updated 5/12/2008 11:02:21 AM ET 2008-05-12T15:02:21

Prime Minister Vladimir Putin reshuffled the Russian government Monday in his first major action since leaving the Kremlin, bringing in some high-profile figures from his presidency but leaving prominent ministries unchanged.

The hawkish Sergei Ivanov, once seen as a possible successor to Putin as president, was named deputy prime minister — a step down from his previous position as first deputy premier.

Foreign Minister Sergey Lavrov, Defense Minister Anatoly Serdyukov and Finance Minister Alexei Kudrin retained their posts.

The ministry of energy and industry was split into two separate Cabinet positions, the most major structural change to the new government.

Oil, gas exports seen as key
The move reflects both the growing importance of oil and gas exports to Russia’s budget and concerns that the country’s industrial sector is underdeveloped, making Russia vulnerable to energy price fluctuations.

Putin last week said that his priority as prime minister would be to bolster the economy, continuing its remarkable turnaround of recent years. He relinquished the presidency on Wednesday after two terms as required by the Constitution.

His protege, Dmitry Medvedev, took over and within hours nominated Putin as prime minister.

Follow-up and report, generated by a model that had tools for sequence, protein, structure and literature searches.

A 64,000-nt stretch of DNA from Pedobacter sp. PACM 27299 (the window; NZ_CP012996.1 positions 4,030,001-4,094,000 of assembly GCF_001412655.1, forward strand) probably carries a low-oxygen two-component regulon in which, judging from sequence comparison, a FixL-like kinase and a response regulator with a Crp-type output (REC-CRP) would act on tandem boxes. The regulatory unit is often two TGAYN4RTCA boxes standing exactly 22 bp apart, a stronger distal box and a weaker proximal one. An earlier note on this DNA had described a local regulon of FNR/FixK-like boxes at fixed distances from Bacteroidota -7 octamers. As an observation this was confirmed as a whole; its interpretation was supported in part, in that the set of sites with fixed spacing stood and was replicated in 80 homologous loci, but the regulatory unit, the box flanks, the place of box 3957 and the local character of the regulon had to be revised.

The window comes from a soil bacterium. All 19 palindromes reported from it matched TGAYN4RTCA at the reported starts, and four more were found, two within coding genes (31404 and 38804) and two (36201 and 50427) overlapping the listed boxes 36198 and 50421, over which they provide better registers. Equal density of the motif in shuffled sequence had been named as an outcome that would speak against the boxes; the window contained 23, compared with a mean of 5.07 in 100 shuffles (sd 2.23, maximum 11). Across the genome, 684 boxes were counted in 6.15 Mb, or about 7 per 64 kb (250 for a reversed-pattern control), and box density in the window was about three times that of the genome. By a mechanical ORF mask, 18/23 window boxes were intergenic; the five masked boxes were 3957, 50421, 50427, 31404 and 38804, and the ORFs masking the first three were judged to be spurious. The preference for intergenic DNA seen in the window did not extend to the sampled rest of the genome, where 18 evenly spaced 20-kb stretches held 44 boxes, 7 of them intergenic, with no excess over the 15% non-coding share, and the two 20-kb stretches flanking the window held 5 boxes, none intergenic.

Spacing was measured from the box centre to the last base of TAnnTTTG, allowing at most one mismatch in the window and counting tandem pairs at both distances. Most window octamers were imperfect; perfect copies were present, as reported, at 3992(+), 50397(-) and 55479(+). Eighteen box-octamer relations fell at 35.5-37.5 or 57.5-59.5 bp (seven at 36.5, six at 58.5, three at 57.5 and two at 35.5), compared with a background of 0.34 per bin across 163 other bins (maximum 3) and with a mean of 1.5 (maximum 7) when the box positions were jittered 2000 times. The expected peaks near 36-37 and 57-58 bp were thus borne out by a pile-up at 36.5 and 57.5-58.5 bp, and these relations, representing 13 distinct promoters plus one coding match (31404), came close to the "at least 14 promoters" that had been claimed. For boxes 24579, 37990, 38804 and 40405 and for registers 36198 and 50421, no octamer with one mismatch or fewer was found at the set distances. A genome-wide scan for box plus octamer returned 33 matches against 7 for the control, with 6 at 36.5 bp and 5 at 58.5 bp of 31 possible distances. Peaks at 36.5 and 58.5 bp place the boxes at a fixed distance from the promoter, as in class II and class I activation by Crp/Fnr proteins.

Putin’s move from the Kremlin to Russia’s White House — the seat of the Russian Cabinet — allows him to remain politically influential, and observers have speculated he will end up overshadowing Medvedev.

Putin announced his appointments after meeting with Medvedev on Monday, a session that appeared to be more of a protocol meeting than a consultation.

“I have presented the government’s program of priorities, and the support I received from members of parliament last week allows us to move forward in tight contact with the parliament members,” Putin said, referring to the overwhelming approval vote he received to become prime minister.

Eight new appointments
In all, Putin announced 24 positions, eight of them new.

Among the new appointments were Igor Sechin and Igor Shuvalov. Sechin, formerly Putin’s powerful deputy chief of staff, will have oversight of industrial development programs as a deputy prime minister, and apparently will remain chairman of the state-controlled oil company Rosneft.

Shuvalov, meanwhile, will be one of two first deputy prime ministers. He was a top Putin policy aide who attained prominence when Russia hosted the Group of Eight summit in 2006.

Also Monday, Medvedev named Nikolai Patrushev, head of the KGB-successor Federal Security Service, as head of the Russian security council.

Alexander Bortnikov, formerly the head of the agency’s economic security division, becomes the new head of the service known by the initials FSB.

The corruption-tainted telecommunications minister, Leonid Reiman, was not reappointed. A Swiss arbitration tribunal ruled in 2006 that Reiman is the true owner of a Bermuda-based fund that once controlled much of Russia’s telephone industry.

Reiman, a longtime Putin associate, denied any ownership of the IPOC fund, but the revelations have been seen as evidence of high-level corruption in the Kremlin.

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